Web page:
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The Abyssinian

by Jean-Christophe Rufin

Picador, pounds 14.99, 422pp

THE 17TH century is coming to an end. The Sun King, resplendent in Versailles, has decided to extend the influence of his Catholic faith to that land of legend, Abyssinia. But the realms of Islam that lie between are ruled by the hostile Turk, and hard to cross. His ambassadors decide to employ an unlikely emissary to the court of the Negus Iyasu: Jean-Baptiste Poncet, apothecary and bastard, who will soothe the emperor's skin disease and persuade him, in the process, to allow French Jesuits to enter his domain.

Our physician is made of stern stuff. Perched on a tree in his Cairo clinic when French emissaries arrive, Poncet only consents because he sees a chance to better himself in the eyes of the conservative consul de Maillet, whose beautiful daughter Alix has wordlessly stolen his heart. After a journey that combines Arabian Nights adventure with the scrupulously observed and slightly salacious anthropological detail with which he will later regale Paris, Poncet not only refuses to play the French game but adopts, instead, an oppositional perspective.

The ailing negus makes him understand how detrimental to Abyssinia's stability the infiltration of an alien ideology would be. Convinced, and yet in sight of his goal, Poncet departs with an entourage and gifts to Louis XIV's court. In France, he will find both king and subjects opposed to the possibility of a sovereign state in "savage" Africa, even if that state be one of the oldest Christian kingdoms. How he survives and finds his happy ending on history's margins makes up the rest of a long and entertaining story.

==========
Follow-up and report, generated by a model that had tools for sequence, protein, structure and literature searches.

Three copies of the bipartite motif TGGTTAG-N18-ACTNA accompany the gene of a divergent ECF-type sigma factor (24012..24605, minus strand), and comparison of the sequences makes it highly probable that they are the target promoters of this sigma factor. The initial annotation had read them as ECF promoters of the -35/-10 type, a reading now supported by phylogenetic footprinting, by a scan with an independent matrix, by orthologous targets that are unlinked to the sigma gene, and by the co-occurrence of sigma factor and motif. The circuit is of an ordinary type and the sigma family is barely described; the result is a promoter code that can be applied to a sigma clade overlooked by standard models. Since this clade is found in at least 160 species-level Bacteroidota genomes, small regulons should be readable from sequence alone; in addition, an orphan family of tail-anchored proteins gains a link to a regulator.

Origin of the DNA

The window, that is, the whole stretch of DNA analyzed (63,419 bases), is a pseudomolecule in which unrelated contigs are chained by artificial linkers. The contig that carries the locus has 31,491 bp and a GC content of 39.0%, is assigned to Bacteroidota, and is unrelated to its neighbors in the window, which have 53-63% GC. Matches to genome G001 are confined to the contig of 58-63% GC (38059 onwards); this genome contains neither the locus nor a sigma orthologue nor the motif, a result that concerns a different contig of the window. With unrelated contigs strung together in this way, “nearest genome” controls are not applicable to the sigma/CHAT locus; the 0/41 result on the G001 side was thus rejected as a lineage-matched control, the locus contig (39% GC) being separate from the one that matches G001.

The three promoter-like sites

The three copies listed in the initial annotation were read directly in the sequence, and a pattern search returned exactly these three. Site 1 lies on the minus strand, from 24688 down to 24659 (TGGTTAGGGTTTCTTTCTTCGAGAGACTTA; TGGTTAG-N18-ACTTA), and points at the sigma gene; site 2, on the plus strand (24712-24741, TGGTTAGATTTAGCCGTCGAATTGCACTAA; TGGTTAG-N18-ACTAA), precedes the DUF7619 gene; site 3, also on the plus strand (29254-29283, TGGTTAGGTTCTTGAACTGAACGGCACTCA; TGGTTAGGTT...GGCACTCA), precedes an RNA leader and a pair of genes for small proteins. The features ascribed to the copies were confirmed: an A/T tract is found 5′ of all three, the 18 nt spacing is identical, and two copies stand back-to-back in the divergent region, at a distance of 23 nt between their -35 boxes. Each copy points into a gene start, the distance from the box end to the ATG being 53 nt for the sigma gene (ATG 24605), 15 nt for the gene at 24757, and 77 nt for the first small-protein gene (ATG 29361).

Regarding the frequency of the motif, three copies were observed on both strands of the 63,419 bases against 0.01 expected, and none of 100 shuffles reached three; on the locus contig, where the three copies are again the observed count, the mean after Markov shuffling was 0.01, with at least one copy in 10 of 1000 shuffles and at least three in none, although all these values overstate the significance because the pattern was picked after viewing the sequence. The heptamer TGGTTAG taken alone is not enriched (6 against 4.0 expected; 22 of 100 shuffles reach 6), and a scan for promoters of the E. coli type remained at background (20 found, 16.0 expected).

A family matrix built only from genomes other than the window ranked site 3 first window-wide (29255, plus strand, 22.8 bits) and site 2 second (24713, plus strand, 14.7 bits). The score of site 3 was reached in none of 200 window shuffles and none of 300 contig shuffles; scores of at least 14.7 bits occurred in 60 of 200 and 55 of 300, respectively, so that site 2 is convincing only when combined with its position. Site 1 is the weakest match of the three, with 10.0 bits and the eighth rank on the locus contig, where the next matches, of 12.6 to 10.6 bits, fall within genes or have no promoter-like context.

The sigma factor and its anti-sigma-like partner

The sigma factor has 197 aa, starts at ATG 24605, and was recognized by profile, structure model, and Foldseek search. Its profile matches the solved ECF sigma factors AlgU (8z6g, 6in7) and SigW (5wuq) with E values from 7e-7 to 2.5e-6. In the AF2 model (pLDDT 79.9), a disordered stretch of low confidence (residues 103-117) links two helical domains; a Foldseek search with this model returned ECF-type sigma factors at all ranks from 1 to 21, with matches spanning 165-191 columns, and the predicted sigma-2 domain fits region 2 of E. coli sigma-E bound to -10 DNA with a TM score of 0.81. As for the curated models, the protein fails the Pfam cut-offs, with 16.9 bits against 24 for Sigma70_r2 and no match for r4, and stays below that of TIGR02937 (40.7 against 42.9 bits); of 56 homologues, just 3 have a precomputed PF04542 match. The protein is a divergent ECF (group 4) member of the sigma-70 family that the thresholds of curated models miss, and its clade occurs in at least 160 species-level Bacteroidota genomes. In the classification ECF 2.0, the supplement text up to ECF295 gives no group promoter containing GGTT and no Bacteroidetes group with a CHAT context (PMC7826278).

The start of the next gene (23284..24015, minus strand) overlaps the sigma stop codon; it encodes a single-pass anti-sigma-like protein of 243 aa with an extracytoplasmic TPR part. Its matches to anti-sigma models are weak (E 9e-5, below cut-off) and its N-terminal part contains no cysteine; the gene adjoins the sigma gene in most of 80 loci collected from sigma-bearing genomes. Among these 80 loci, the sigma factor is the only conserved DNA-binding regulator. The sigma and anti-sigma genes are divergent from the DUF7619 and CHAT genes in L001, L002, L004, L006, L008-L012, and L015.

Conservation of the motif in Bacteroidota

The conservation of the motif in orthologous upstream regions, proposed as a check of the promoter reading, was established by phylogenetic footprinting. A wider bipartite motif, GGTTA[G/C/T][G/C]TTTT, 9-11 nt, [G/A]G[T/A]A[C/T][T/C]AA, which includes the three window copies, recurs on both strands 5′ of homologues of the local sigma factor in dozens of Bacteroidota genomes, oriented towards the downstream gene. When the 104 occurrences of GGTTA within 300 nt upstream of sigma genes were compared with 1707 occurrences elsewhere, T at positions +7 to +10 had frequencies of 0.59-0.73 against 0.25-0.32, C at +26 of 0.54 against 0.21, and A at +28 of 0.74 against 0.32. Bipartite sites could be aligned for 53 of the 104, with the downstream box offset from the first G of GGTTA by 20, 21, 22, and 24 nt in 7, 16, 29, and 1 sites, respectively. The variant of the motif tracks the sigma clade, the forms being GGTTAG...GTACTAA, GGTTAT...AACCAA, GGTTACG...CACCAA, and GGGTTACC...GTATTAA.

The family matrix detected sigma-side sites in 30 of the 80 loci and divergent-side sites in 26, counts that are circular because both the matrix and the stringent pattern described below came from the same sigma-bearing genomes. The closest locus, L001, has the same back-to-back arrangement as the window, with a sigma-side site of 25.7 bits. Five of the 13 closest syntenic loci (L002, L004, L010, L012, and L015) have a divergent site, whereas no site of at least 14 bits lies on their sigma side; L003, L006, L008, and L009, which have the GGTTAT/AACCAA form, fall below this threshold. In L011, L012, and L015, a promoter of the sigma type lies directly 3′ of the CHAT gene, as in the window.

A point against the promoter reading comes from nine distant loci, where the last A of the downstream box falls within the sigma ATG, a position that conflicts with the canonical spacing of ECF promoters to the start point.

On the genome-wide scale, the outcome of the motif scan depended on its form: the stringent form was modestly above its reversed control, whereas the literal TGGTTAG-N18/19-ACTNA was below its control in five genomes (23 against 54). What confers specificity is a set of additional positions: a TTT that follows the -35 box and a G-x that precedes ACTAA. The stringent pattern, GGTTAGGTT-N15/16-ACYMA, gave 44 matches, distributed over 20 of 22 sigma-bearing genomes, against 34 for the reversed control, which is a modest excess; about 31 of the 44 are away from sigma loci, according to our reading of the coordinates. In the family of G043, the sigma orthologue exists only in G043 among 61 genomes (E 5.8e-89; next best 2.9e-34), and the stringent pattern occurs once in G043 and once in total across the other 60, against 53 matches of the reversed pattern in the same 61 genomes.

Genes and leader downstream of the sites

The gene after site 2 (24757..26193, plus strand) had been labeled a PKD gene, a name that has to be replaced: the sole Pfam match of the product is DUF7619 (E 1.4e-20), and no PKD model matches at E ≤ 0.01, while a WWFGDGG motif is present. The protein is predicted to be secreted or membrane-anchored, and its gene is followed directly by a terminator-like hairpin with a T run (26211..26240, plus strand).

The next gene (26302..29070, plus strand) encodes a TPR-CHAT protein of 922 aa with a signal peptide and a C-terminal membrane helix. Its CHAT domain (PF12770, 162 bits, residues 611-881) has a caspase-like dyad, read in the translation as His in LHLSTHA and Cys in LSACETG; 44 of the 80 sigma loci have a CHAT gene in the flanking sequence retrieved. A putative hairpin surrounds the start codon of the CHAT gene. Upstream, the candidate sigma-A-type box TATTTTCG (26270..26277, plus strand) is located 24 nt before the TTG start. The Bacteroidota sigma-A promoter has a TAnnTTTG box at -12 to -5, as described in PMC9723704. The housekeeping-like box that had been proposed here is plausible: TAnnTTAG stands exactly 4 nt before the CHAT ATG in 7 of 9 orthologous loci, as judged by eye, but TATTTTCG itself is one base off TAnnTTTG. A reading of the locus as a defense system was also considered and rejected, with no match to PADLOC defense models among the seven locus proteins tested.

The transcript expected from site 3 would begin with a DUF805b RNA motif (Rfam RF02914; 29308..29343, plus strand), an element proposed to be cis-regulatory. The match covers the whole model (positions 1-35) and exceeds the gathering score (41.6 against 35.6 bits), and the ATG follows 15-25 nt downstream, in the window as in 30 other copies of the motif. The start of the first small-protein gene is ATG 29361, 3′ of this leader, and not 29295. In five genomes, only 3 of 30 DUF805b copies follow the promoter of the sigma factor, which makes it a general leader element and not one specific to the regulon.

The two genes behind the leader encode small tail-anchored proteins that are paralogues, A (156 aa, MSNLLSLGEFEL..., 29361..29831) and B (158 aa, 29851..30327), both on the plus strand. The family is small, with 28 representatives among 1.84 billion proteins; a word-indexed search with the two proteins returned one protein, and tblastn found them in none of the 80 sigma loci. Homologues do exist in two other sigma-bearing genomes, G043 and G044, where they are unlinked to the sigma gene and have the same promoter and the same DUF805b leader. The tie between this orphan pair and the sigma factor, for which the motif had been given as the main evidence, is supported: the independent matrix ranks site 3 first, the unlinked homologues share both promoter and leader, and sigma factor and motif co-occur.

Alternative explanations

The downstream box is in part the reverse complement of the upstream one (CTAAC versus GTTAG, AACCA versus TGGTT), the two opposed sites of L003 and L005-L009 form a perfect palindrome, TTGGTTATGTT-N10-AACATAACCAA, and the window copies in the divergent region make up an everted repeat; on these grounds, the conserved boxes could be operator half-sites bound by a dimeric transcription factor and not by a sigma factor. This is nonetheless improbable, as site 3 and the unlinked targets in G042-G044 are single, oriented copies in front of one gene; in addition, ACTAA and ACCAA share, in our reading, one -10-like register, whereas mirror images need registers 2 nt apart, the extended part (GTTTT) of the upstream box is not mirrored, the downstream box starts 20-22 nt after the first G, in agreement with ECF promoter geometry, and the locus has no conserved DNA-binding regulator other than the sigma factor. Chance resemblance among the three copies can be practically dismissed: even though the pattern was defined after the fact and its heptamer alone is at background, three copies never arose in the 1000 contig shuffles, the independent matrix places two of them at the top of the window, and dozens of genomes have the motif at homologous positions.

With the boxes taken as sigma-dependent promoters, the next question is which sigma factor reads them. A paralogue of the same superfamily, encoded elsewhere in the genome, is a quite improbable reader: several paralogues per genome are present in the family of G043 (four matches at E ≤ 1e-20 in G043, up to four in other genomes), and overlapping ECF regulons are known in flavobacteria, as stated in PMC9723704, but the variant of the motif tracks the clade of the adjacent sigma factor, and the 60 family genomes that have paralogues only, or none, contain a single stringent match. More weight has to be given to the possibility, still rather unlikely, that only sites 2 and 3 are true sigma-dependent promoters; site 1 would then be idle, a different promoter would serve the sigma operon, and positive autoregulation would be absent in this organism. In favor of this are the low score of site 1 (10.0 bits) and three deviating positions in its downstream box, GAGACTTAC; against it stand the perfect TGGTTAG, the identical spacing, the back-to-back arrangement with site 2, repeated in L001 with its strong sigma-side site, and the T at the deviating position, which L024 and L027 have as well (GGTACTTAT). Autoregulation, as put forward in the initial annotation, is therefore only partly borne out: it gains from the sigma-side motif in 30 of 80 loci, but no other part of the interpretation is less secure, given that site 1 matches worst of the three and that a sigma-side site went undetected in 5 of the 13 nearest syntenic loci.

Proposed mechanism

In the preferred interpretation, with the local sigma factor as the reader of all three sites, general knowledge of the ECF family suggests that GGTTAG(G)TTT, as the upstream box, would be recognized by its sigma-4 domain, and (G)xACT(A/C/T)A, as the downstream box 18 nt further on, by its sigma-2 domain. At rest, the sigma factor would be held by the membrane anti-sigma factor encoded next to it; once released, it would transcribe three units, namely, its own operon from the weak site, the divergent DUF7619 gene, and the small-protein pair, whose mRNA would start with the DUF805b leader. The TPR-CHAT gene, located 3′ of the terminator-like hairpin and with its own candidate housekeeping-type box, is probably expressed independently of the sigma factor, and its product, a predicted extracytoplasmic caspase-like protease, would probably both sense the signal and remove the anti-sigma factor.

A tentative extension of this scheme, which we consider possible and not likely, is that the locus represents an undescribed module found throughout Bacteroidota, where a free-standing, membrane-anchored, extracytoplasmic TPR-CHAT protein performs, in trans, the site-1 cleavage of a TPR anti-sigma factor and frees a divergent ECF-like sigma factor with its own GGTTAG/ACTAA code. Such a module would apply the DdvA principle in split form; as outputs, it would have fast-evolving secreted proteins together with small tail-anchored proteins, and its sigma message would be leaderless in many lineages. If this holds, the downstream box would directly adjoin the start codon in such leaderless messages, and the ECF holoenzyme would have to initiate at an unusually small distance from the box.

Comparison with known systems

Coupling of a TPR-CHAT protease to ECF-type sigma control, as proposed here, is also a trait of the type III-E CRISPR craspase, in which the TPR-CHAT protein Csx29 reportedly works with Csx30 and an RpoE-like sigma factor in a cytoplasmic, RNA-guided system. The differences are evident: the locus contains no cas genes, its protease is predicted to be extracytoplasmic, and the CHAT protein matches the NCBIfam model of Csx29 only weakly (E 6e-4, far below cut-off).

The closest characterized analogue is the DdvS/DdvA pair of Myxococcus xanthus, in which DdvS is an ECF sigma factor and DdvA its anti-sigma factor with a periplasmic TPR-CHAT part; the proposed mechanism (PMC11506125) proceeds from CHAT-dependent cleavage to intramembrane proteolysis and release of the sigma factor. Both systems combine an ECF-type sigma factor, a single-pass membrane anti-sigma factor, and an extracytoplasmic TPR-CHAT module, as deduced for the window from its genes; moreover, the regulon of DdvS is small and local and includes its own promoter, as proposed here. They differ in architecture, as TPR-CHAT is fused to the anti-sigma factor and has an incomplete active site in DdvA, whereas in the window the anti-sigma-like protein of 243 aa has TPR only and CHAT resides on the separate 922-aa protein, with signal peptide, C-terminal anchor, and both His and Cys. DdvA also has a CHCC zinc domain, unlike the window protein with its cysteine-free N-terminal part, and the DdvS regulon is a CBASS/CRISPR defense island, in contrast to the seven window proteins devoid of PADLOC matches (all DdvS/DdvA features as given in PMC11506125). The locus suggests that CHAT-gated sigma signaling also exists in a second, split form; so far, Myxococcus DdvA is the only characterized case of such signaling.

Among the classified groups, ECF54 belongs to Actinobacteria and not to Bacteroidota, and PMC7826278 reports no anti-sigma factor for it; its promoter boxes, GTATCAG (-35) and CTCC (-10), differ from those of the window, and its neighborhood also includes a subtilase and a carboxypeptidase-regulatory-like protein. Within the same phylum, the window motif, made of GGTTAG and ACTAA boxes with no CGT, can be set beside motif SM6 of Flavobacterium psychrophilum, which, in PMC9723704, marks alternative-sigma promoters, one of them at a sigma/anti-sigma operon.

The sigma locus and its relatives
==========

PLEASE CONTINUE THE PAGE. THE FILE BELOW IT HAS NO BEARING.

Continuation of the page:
In this remarkably assured novel, Rufin almost proves two truisms: the most successful first novels are written after 40; and popular (or populist) fiction serves as the finest vehicle for the burden of ideas. Rufin's writing is elegantly readable; at times more reminiscent of Allende than Yourcenar (with the occasional reference to the Prophet's beard thrown in to pay homage to the Gadzooks school of fiction). He nevertheless has the ability to interweave the light-hearted threads of adventurous romance with the serious issues of religious intolerance and political manipulation.

There are longueurs, typical of historical novels. Vociferous tracts mouthed to explain political situations narrowly avoid clumsiness; characters, though charming and intrepid, are one-dimensional. But action, not subjectivity, is Rufin's concern. He illustrates the many ways in which history can make heroes and heroines of the most ordinary of us, and has a doctor's compassion (he has worked with Medecins Sans Frontieres) for the suffering so many endure, particularly at the hands of fanatics. At times, Catholic fanaticism seems to stand for the kinds of ethnic oppression we have known in our century, but this may be an over-determined reading of a novel so well embedded in its time.

Rufin isn't always averse to Orientalist kitsch, with lecherous Turks, Armenians and Yemenis robbing and fornicating their way through Africa, and predatory Ethiopian belles virtually raping our gallants. He has, however, a refreshing lack of the kind of misguided zeal that makes some western writers defend the most repressive practices as valid alternatives to Europe's norms. Rufin attempts, instead, to show us this world as it is, contrasting Islamic conservatism with the rigid class structure of France.

Poncet's partner Juremi, a Protestant fugitive, embodies the insurgent values of a victimised populace, while Muslim and Christian muddle along side by side in the regions of the Nile. Ultimately, it is the Egyptian Pasha's pragmatic attitude to Ethiopia - in bright contrast to Louis' intransigence - that helps Poncet to obstruct the progress of French Jesuitry. Our hero retires to practice medicine in Isfahan, and grow roses with his wife in the shadow of the Blue Mosque. "Happiness takes the place of history.